Friday, 1 July 2011

1975 B.C. Rich Seagull
Without wanting to offend B.C. Rich afficionados, I have to confess that I've never really been a fan. Whilst I readily give them credit for designs which were very original and exciting when they first appeared from 1969 and through the 1970s and beyond, for me they were often awkward looking, too pointy, or unnecessarily over-complicated being covered in far too many controls. I did have a secret semi-fondness for the B.C. Rich Bich 10-string, but that was mainly because Ric Ocasek of The Cars made it look so cool.

The 1975 B.C. Rich Seagull seen here comes from their classic early period - it was designed in 1972 by company founder Bernardo Chavez Rico - when their guitars were solely made in the USA and the designs were fresh. Somehow latterday B.C. Rich designs look like the company have lost the plot, like they are a parody of themselves. They now represent a heavy metal stereotype whereas before they weren't actively meant as "metal" guitars, just as bold new designs.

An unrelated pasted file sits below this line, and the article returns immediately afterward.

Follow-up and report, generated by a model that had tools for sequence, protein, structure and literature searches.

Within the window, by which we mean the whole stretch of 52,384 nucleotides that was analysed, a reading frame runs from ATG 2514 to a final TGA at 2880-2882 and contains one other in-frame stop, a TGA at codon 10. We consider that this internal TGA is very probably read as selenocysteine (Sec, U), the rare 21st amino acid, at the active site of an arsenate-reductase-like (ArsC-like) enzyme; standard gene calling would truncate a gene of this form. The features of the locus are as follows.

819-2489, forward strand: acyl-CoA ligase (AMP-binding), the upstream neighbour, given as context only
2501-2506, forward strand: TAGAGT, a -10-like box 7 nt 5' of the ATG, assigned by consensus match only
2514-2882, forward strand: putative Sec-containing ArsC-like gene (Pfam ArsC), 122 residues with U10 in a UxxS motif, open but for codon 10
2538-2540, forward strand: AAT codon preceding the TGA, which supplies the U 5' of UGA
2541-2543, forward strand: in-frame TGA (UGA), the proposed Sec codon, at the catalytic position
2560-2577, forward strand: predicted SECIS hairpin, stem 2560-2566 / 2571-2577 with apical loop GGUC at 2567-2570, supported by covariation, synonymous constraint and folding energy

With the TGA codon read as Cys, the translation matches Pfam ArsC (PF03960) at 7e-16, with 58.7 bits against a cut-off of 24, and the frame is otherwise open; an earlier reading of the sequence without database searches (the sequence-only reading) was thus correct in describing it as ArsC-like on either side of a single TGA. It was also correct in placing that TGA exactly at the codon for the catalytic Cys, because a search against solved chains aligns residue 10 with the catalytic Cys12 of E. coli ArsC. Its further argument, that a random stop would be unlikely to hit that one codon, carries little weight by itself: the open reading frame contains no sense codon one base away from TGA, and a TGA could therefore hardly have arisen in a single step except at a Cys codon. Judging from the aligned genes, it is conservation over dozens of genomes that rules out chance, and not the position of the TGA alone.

I'm in two minds about the Seagull. Part of me likes it for being delightfully different from other guitars from the mid-1970s (remember this was during a period in which both the major players, Gibson and Fender, although trying hard were each going through a low point in their companies' respective histories in terms of quality of output). But another part of me finds the design quite ugly... although I can't quite decide if it so ugly that it's attractive. If that makes sense.

Currently on sale on eBay with a Buy It Now price of $1,850, I don't think that if I decide I do like it I'm going to be voting with my wallet any time soon.

G L Wilson

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1 comment:

  1. Yeah, it's misnamed. They should have called it the 'Albatross'. Luckily, they realized the error and morphed this into the much more successful (design-wise) Eagle model, famously played by Pat Benatar's Neil Geraldo.



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